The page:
Sunday, October 12, 2014

On The Mound, Jake Peavy

Tonight the San Francisco Giants will seek to match the Kansas City Royals: Wild card team, winning on the road to take a 2-0 lead in their Championship Series. Here is a list of teams that have lost the first two home games of a seven-game Championship Series (it was a best-of-five series from 1969 to 1984) that have gone on to win:

That's right, none. If the Orioles come back against the Royals, they'll be the first team to have accomplished it. The Giants are trying to put the Cardinals into the same situation.

Pitching for the Giants will be Jake Peavy, whom they acquired from the Red Sox for two minor leaguers on July 26. His performance before and after the trade has been an interesting contrast:
BOS AL 1 9 4.72 20 20 124.0 131 67 65 20 46 1 100 1.427
SFG NL 6 4 2.17 12 12 78.2 65 24 19 3 17 1 58 1.042
Provided by View Original Table
Generated 10/12/2014.

Adjusted for league and ballpark, his ERA was 18% worse than the AL average with Boston, 61% better than the NL average with San Francisco.

Here's his breakdown against the Cardinals:

St. Louis Cardinals342.979957.25024199180611.179
Everyone Else1361073.543293262090.018518668242206294019661.187
St. Louis - Postseason0210.133313.125151535292.250
Generated 10/12/2014.

I imagine people are going to make a big deal about that postseason record against the Cardinals. I'd ignore it for three reasons. First, three games are not enough to draw a conclusion about anything. Second, his regular season record against the Cardinals--which is still not large enough to be meaningful--indicates no particular problem, and it was all compiled before he was traded from the National League to the American in 2009. At that point, the Cardinals had, if I counted correctly, only two batters who are still with the team today (catcher Yadier Molina and left fielder Matt Holliday), so the prior record's not really all that relevant. Third, two of those postseason games occurred in 2005 and 2006 when Peavy was a young pitcher with the Padres. He's not the same pitcher today at 33, when he ranked 51 of 88 ERA qualifiers with 7.0 strikeouts per nine innings pitched, that he was back then at 24 and 25, when he led the league with 9.6.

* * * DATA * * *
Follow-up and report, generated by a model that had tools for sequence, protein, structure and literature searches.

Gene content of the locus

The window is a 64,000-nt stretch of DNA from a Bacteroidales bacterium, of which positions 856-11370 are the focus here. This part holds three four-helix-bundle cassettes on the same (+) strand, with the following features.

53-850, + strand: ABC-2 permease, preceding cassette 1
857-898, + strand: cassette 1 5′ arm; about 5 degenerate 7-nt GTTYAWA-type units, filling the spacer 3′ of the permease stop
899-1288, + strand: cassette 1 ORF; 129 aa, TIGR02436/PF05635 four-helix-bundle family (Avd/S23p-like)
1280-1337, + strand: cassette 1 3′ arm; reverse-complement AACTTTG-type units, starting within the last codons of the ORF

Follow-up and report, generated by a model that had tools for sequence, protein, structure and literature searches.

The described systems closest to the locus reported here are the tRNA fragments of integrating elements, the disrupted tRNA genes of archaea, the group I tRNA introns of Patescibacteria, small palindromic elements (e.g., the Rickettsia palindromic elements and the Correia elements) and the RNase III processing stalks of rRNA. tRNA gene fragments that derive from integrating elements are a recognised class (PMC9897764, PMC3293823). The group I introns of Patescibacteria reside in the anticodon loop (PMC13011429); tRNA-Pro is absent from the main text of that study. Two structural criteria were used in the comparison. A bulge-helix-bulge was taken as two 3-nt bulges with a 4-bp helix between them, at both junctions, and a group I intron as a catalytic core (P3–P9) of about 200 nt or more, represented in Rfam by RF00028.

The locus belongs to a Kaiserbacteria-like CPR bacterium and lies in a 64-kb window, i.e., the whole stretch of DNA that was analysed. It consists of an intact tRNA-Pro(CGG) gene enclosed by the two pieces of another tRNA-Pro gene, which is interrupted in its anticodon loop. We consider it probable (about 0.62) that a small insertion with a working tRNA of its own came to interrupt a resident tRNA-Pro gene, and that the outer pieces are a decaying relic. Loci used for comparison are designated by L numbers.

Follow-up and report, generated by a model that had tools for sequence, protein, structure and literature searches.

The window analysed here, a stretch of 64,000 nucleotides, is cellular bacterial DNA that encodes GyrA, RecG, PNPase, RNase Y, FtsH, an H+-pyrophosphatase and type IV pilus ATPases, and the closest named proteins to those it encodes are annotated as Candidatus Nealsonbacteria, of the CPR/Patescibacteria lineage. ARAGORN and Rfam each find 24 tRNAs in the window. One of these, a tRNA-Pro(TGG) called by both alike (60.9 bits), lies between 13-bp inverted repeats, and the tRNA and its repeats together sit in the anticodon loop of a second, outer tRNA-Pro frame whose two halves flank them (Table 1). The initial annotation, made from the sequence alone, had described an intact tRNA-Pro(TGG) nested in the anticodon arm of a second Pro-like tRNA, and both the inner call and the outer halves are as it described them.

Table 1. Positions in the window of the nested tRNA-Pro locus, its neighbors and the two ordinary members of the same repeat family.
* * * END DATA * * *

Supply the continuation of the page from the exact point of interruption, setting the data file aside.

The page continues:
He did look decent against Washington in the Divisional Series opener, giving up no runs in 5.2 innings, though he struck out only three and walked the same number, running his pitch count up to 104 and getting strikes on only 60% of his pitches (the league average was 64%). So I'd disregard his line from those three games against the Cardinals--two from long ago--but at the same time assume a busier evening for the Giants bullpen than last night, when Madison Bumgarner lasted until there were two outs in the eighth.

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